Iraq Attacks: U.S. Mission Still Not Accomplished

  • Share
  • Read Later
Ali Al-Alak / AFP / Getty Images

Collapsed buildings at the site of a car bombing outside a passport office in Kut, Iraq

For the U.S. troops pulling out of Iraq, Wednesday's news of the string of attacks across the country must have come as a kick in the solar plexus. Despite the soldiers' hard work and sacrifice for more than 7½ years, it took the enemy hardly any time at all to reassert its presence. What was it all for, a soldier may well ask?

For Iraqis, the question is not philosophical but existential: Who will protect them now? If there was any doubt about the competence of their own security forces, the attacks have confirmed the worst. More such spasms of violence will inevitably lead to calls for the remaining U.S. forces to drop their non-combat status and ride to the rescue. How will they respond?

Bombings in at least 13 cities across the length and breadth of Iraq have killed more than 70 people, and wounded hundreds of others. In different cities, authorities have blamed al-Qaeda, Iraqi Sunni groups or some combination thereof. Whoever is to blame, the message they're sending is not subtle: now that the Americans are leaving, we can strike anywhere, at any time.

The Obama Administration's decision to pull out combat troops this month was, at least publicly, predicated on the ability of Iraqi security forces to protect civilians and take the fight to the insurgents. But the Iraqi police and military are scarcely able to protect themselves: many of yesterday's bombings struck security targets.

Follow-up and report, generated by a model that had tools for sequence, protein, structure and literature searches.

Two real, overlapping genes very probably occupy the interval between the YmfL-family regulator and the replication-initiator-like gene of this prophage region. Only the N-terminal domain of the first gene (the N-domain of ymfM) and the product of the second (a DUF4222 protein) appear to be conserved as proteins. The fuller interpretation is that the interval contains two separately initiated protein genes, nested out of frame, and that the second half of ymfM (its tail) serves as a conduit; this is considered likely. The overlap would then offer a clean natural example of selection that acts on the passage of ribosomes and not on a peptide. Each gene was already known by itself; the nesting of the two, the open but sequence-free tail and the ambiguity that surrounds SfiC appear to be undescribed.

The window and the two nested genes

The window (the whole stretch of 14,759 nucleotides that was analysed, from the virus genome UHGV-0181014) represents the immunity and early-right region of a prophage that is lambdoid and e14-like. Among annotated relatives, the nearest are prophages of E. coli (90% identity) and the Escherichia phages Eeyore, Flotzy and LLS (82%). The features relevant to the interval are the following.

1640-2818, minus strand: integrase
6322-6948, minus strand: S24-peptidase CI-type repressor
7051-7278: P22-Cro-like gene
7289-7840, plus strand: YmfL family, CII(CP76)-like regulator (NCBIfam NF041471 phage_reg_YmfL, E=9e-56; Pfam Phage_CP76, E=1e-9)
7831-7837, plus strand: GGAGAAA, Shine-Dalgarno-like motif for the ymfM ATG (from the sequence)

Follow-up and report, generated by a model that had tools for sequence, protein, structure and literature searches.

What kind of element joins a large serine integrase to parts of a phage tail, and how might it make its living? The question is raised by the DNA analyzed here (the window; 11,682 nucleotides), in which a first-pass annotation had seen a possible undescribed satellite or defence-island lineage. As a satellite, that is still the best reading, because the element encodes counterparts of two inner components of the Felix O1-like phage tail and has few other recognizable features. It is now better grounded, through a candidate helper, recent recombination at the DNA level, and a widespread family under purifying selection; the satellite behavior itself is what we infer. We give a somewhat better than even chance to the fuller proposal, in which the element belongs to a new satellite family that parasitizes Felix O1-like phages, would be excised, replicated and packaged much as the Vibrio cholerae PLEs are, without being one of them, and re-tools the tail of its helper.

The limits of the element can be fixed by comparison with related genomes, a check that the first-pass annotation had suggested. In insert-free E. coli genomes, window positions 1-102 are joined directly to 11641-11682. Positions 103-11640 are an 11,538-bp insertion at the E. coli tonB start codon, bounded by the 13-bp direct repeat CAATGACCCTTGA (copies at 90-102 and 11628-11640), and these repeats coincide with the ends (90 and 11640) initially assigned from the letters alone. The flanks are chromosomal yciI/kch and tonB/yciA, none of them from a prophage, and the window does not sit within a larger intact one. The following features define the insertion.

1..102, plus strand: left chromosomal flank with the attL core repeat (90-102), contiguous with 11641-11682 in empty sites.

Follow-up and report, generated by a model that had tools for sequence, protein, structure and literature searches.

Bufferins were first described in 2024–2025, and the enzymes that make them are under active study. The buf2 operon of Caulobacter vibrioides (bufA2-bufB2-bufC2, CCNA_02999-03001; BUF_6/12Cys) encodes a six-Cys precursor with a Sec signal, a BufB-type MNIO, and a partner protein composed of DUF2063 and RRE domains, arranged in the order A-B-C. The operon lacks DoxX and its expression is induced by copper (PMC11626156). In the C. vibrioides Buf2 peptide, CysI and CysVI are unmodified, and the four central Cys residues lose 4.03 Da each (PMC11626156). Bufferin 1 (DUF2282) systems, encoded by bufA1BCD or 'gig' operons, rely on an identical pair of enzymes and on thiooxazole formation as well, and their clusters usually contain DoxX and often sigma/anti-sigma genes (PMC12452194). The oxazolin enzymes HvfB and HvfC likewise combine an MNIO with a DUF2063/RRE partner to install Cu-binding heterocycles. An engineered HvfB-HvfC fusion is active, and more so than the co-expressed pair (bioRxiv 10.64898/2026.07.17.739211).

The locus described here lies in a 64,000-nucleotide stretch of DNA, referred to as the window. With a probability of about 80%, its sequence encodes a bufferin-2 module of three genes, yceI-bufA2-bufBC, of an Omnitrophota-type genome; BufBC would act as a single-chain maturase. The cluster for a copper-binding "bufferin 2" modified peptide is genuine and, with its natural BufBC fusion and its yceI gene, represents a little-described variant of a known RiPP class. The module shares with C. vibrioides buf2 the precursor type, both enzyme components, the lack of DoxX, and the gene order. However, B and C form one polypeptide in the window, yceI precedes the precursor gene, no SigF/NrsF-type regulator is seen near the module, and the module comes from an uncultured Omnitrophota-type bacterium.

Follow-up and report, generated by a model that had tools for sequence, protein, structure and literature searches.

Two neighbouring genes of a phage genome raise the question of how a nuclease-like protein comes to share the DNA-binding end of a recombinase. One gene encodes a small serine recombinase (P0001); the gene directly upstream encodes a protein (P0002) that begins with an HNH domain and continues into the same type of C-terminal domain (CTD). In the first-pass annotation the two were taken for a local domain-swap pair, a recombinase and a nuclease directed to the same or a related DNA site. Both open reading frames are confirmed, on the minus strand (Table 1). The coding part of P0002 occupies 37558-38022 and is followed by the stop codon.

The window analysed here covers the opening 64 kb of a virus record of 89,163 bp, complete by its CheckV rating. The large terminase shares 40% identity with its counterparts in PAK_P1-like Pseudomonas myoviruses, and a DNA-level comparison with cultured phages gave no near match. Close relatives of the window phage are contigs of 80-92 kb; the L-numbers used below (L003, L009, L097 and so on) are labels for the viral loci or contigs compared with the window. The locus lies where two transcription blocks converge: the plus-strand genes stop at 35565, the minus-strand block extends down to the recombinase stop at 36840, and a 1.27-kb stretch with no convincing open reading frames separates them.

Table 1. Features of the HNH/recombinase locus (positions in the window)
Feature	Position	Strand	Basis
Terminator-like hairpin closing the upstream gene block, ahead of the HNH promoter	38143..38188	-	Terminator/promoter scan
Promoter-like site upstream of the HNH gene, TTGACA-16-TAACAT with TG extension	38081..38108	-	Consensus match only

The timing of the attacks is an especially damning indictment of the quality of the Iraqi forces. They have known for months that the U.S. pullout would end in late August and that al-Qaeda and its allies would use the opportunity to strike hard. In other words, the Iraqi forces were on the highest possible state of alert for attacks. Yet that wasn't good enough to prevent the enemy from mounting the most audacious and ambitious operation it has ever attempted.

The attacks exposed as a fiction the Obama Administration's long-standing claim that the Iraqi forces were ready and able to take over from U.S. troops. While that claim may have played well with war-weary Americans, Iraqis have never been fooled: only last week, the commander of the Iraqi military said his forces would not be fully ready until 2020.

The bombings don't automatically mean all (or even much) of Iraq is once again in the grip of the insurgency. But they suggest the country is in for a great deal more violence in the months ahead.

The quandary for the White House is whether it can restrict the 50,000 remaining U.S. troops in Iraq to non-combat functions when the gains achieved by force of American arms are at risk, or should it put them directly in harm's way. President Obama may not have announced that the mission had been accomplished, but his countrymen won't take kindly to being told it is incomplete.